Without a well-oiled import/export team, it’s a mystery how anything gets done. At a 3PL (third-party logistics) company, so much sits on the shoulders of this team — even when we’re not in the midst of a global pandemic that’s taken its toll on global and domestic supply chain.
There is no doubting COVID-19’s impact on global imports and exports. For those of us working with global shipments, the evidence is clear. Ships are not coming in and going out like they’re supposed to. There’s more paperwork, more need for verification, and more time spent chasing down location and destination details.
Prior to the pandemic, it was normal and acceptable for import shipments to delay a couple of days here and there. Nowadays, the new normal can look like waiting two or three months for a European import.
Still, shipments need to get where they’re going, and even when things are moving slowly, it means they are moving. These days, import/export teams are adapting to meet near-endless uncertainty. That means more efforts spent checking on ships, pre-planning, pre-quoting, and of course, over communicating.
Because when that ship docks and unloads, the ball is in our court, and the clock is ticking.
Communication is Key
For 3PLs, communication continues to be one of the most important elements of a job well done. Communication needs to happen on the front end, back end, and everywhere in between.
It includes communicating with team members, coworkers, customers, and carriers. You’ve got to know what’s going on, because you’ve got to rely on that detail to inform decision-making.
Here at Ascent Specialized, the number one thing we talk about is communication. Being on the same page is an essential part of our system. We communicate across departments, across projects, across everything. And the success of our import/export team depends on it.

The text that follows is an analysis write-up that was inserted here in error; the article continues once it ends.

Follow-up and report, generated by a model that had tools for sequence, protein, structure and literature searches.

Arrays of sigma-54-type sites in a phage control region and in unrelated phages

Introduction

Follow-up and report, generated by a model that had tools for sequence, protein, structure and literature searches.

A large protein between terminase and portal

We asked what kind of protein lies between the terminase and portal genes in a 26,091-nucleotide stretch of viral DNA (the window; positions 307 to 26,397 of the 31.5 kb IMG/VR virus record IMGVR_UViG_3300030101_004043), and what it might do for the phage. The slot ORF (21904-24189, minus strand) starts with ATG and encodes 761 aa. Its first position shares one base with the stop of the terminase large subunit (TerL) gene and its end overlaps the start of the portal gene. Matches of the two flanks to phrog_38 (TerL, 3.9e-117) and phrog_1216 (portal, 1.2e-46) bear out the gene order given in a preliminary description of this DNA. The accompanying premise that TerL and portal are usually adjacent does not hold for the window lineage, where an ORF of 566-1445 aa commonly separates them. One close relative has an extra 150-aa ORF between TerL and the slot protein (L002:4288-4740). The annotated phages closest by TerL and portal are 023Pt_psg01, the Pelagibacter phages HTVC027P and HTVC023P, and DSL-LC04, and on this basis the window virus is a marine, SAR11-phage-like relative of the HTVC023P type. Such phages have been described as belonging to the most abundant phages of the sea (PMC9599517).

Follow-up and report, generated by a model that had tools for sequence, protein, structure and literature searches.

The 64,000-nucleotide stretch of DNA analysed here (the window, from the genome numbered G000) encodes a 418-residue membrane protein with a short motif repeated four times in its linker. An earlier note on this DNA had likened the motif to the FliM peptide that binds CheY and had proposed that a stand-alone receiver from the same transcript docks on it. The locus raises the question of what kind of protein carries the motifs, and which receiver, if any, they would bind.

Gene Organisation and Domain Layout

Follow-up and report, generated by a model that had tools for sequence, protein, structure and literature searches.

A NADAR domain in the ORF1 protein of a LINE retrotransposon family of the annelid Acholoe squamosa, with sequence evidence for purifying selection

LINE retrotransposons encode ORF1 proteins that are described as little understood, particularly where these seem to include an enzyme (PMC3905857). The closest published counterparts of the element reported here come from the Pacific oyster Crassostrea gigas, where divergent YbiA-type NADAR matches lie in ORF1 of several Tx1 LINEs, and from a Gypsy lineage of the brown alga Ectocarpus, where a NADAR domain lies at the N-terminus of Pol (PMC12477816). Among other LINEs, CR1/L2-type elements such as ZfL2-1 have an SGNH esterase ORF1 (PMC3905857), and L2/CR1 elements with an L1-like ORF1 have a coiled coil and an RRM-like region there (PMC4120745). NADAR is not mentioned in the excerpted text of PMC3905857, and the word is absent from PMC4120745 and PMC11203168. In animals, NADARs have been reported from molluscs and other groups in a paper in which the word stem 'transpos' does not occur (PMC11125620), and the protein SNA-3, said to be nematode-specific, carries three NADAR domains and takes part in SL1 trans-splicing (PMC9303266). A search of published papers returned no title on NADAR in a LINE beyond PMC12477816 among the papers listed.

Communication is the number one thing that makes a logistics company work. You can have all the carrier relationships in the world and still fall short on communication.
A lack of communication is a recipe for disaster. If your team members don’t know what you’re working on, how can they lend a helpful hand?
Imagine you’re on lunch and the call comes through — the permits you were waiting on are ready. Now, it’s time to notify your carrier, your customer, and anyone else you need to in order to get that shipment moving.
If your coworkers are aware of what you’re working on, they can step in to help.
Now, I know this was an overly-simplified example, especially when we’re talking about an industry as complex as specialized third-party logistics, but with the experience we’ve had with import and export logistics, that complexity feels natural to us.
One of the benefits of an experienced import/export team is the foresight they bring to each individual shipment. It is not our first rodeo. We know how to check our bases, avoid the common mistakes a greener 3PL may make, and set your shipment up for success. Once you’ve worked with an import/export team who knows what they’re doing, it’s hard to go back.